Panasonic has announced plans to give Japanese workers a four-day work week in an effort to improve productivity and attract better workers, according to a new report. Nikkei Asia. The move comes after the Japanese government made an official recommendation to private employers in 2021, which included a shorter working week.
The four-day work week from Finland to New Zealand has been floated around the world in various forms. Sometimes, shorter weeks mean that employers prolong four days of work by maintaining something close to 40 hours. Other times companies will actually offer a shorter week with less total hours, so that people can take more leisure time or more education.
“We must support the well-being of our employees,” President and CEO Yuki Kusumi said recently, according to Nikkei.
Panasonic hopes to give employees more time to pursue their personal interests, be they volunteers or side jobs. Details will be dressed by each operating company.
According to a 2020 survey by the Ministry of Health, Labor and Welfare, only 8% of Japanese companies offer guaranteed holidays more than two days a week. Those who do so typically want to help employees meet their personal life needs, such as Yahoo Japan and Sompo Himawari Life Insurance, which began offering third-day leave in 2017 to care only for children or elderly relatives.
Companies that have tried out a shorter work week while maintaining competitive pay usually find no loss of productivity. In fact, technology companies have found that reduced hours often lead to higher productivity, not to mention more satisfaction among employees. When Microsoft tried a four-day workweek in Japan in 2019, productivity increased by 40%, The Washington Post.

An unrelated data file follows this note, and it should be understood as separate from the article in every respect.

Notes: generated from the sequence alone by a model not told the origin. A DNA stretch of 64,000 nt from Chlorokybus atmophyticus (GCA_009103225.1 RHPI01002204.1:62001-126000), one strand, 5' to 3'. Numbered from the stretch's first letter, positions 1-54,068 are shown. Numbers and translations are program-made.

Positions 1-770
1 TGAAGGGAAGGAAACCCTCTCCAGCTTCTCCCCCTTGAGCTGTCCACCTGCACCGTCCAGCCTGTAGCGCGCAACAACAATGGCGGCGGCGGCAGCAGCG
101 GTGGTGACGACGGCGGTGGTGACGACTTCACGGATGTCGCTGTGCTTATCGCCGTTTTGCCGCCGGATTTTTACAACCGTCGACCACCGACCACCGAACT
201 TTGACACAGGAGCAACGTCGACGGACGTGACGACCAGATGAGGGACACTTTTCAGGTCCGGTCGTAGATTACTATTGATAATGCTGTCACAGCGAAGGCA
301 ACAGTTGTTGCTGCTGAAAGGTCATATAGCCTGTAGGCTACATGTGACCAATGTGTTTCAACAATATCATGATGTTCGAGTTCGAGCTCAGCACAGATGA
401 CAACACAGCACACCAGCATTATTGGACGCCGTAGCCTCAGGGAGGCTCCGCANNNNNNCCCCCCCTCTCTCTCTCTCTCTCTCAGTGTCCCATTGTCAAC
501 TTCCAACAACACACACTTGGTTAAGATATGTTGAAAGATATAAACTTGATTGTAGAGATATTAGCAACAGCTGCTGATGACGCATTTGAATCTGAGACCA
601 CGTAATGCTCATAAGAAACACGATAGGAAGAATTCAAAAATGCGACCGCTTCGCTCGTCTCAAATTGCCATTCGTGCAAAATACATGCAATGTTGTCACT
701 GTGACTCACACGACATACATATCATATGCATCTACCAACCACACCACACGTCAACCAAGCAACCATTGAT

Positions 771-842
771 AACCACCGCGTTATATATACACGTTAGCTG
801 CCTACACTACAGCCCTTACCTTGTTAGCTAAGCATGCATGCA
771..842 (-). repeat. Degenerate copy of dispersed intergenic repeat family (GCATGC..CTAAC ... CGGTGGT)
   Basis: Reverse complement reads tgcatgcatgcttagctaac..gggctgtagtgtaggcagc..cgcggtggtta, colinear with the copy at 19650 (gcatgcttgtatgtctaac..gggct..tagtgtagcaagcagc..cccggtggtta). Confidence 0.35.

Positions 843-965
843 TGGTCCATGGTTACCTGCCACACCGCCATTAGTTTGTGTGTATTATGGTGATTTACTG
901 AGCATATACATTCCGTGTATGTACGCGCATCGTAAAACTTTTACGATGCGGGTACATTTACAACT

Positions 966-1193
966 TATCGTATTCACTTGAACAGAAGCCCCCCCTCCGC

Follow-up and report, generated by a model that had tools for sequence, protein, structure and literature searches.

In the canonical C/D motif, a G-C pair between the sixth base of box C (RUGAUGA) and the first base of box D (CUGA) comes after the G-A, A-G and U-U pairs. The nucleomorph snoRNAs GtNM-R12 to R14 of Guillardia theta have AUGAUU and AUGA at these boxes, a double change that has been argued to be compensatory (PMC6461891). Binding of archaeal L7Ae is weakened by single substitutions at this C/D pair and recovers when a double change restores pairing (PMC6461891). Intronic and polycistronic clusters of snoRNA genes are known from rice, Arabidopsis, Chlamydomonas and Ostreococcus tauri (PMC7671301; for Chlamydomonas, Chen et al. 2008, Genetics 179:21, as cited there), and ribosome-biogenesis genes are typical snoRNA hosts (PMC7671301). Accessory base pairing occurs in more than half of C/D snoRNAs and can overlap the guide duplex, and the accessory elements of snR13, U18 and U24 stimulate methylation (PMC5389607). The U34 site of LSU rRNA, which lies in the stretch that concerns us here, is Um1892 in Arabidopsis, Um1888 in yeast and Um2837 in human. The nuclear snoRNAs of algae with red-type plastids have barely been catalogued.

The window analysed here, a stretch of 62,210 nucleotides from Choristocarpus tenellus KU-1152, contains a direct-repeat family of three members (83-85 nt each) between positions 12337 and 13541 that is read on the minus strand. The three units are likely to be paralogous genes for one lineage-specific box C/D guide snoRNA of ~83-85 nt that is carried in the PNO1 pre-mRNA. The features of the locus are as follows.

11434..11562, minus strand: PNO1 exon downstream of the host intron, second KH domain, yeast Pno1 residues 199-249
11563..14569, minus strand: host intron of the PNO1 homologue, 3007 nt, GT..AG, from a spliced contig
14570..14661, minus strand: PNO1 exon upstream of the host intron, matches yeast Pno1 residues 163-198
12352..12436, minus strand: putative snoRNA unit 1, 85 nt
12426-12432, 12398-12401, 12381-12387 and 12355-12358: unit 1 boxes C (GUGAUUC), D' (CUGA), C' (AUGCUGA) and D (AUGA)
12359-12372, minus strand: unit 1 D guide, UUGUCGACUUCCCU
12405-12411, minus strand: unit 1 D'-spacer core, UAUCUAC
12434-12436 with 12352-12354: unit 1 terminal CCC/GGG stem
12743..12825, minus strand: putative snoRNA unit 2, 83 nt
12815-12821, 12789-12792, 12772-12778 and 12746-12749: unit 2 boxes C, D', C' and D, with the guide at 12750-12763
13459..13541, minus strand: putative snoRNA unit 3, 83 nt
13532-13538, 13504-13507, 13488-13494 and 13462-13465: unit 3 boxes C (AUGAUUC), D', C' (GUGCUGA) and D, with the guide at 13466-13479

Despite its reputation in the United States as a workaholic culture, Japanese workers actually work fewer hours than their American counterparts, according to recent data. Organization for Economic Cooperation and Development. The United States ranks 11th among OECD countries for having the most hours worked by the average worker, while Japan ranks 26th. The top five, in order, include: Colombia, Mexico, Costa Rica, South Korea and Russia.
A short working week has been promised for generations of Americans. In fact, economists in the 1960s were convinced that while we would only work 16-hour work weeks, robots would do most of the work. Your only problem was what to do with all your free time.
An article that ran in a North Carolina newspaper November 26, 1967 It all promises:
Those who are hungry for vacation from work can take heart from the prediction of political scientist Sebastian de Grazia that by 2000 the average working week will be 31 hours on average and probably less than 21. Twenty years later, on-the-job hours could drop to 26, or even 16.
But what will people do with so much leisure time? Attitudes may not be cheerful.
As de Grazia observes: “There are reasons to fear, as some do, that leisure time, compulsory leisure time, will bring a restless tick to boredom, laziness, immorality and personal violence. Yes, automated jobs can grow, but they will carry the stigma of stupidity. Men will prefer not to work than to accept them. Those who accept them will gradually become politically inferior.
A possible solution: to separate income from work; Perhaps a guaranteed annual wage is “a way of living a leisurely life for those who think they have the mood.”
Where did so much leisure time go? Your boss used it to buy his second home.